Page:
Violence is almost never an acceptable response. Neither is rationalizing it.

In August 2012, Floyd Lee Corkins entered the Family Research Council (FRC) headquarters and opened fire, injuring a security guard as he was tackled — fortunately, before he could cause any more damage.

Periodically, I see people who I otherwise respect trying to dismiss the incident as insignificant, or even making excuses for Corkins.

Violence is not an acceptable response to hate.  I’ll add the caveat “unless someone is in direct danger.” I believe in the right to self-defense and accept that there could be extreme situations that preclude using the word “never,” i.e. mass criminalization and mob violence.  But that was not the case here and is besides the point.  Floyd Lee Corkins deliberately chose to seek out the FRC with the intent of killing people.  I blame the idiot with the gun.  Whether a right-wing nut or a left-wing nut, violence is not an acceptable response to hate.

When we try to rationalize actions like Corkins’ — even when we’re not completely serious and just using hyperbole — we are (consciously or unconsciously) creating an environment in which violence is seen as an acceptable response.  It isn’t.

Further, rationalizations have a tendency to lead toward absurdity.  The most vivid example of this is the contention that if a woman is raped, she should be held at least partly responsible if she wore a particularly short skirt. Selecting clothes is not an act of consent, and yet increasingly, this rationalization is used to minimize or even absolve sexual violence.  Rationalization of aggression needs to be called out, no matter who is doing it.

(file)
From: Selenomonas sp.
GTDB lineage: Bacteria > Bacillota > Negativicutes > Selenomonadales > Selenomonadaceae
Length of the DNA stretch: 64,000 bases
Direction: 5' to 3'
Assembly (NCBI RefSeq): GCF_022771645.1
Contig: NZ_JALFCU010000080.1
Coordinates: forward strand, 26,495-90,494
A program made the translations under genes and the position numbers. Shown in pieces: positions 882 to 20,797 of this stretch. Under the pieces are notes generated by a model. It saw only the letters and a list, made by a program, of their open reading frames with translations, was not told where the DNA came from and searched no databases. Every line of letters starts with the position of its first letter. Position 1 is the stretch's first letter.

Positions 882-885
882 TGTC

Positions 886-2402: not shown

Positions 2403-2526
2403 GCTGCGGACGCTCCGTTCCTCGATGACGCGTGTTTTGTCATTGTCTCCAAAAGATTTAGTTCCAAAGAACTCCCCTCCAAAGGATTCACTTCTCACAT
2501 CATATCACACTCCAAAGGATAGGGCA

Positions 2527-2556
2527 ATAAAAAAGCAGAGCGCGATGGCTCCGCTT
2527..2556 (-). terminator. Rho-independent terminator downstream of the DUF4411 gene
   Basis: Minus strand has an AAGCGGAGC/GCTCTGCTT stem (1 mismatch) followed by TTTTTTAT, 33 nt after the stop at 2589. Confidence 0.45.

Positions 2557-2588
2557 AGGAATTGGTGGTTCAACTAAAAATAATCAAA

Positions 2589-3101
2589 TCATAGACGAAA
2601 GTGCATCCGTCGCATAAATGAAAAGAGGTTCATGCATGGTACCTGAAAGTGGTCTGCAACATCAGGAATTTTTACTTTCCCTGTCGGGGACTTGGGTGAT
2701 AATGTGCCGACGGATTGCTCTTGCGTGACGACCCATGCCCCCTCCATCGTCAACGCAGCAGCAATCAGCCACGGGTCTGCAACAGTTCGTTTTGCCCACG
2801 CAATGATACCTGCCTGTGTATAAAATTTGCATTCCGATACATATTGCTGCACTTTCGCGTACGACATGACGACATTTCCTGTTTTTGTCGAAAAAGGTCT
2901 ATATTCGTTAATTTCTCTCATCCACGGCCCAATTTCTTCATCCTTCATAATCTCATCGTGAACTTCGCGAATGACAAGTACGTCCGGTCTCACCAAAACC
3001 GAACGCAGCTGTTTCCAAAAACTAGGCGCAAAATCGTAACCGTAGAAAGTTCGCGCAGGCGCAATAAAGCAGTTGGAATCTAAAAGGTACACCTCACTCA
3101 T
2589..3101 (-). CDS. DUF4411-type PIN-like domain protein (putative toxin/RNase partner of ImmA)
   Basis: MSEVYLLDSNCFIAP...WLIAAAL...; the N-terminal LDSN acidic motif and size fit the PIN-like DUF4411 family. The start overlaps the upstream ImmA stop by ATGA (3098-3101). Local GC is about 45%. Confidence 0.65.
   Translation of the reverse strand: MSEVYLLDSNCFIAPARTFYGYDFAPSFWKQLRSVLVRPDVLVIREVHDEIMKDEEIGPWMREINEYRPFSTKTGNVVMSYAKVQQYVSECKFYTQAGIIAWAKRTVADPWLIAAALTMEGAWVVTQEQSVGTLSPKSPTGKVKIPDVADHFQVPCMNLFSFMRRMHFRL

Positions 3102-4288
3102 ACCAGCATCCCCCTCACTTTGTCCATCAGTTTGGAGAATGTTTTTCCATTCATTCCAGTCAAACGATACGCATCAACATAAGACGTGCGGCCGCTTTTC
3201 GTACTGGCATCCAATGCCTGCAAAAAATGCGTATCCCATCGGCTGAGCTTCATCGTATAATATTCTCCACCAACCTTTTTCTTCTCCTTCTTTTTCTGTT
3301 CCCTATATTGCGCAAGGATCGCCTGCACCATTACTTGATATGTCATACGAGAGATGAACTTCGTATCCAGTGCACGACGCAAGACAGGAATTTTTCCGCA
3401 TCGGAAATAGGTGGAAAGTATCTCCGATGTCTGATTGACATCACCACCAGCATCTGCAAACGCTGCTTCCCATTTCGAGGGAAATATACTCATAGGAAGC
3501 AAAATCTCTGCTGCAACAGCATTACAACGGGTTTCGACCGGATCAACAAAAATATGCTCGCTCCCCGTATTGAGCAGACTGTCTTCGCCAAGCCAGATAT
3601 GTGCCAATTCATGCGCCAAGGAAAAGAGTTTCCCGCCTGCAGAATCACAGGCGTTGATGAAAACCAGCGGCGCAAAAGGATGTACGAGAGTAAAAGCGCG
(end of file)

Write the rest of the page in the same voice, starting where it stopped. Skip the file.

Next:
“Well, if they’re going to be that way, they’re going to have to expect that people aren’t going to like it.”

And it is not that long ago that being lesbian or gay was rationalized as reason enough to expect to be targeted for violence.  It is still seen that way for trans people.

Instead, be the change you wish to see.

If we are to condemn victim-blaming and rationalizations of hate and violence, then we also need to practice the alternative we expect others to live up to… even if the victim in a particular case has been vile.  I do not believe that violence and fear are the response to violence and fear that we should espouse.  Inspire. Be the change you wish to see. And that means not making excuses for violence.

Challenge the ideology, not the individual.

Identifying hate

The Family Research Council has tried to take advantage of the Corkins episode by blaming the Southern Poverty Law Center, which tracks hate groups and has categorized FRC as a hate group for the voluminous anti-gay and otherwise vitriolic / targeted rhetoric it has habitually used.

There is value in what the SPLC does, in that it draws attention to and demands answers for hateful comments.  Identifying hate challenges those identified to either back down from hateful positions or to reveal the full and extreme extent of them for all to see.  Both are revealing to the social dialogue on minority issues.  But identifying hate is not a license to target individuals or groups for violence.  And if we begin rationalizing its use that way, then we risk encouraging people with poorer judgement to act violently, whether we intended to or not.  And if we cannot be clear on this, then we risk losing the moral high ground.

No matter how vile the FRC has been in its rhetoric, violence is not an acceptable response.

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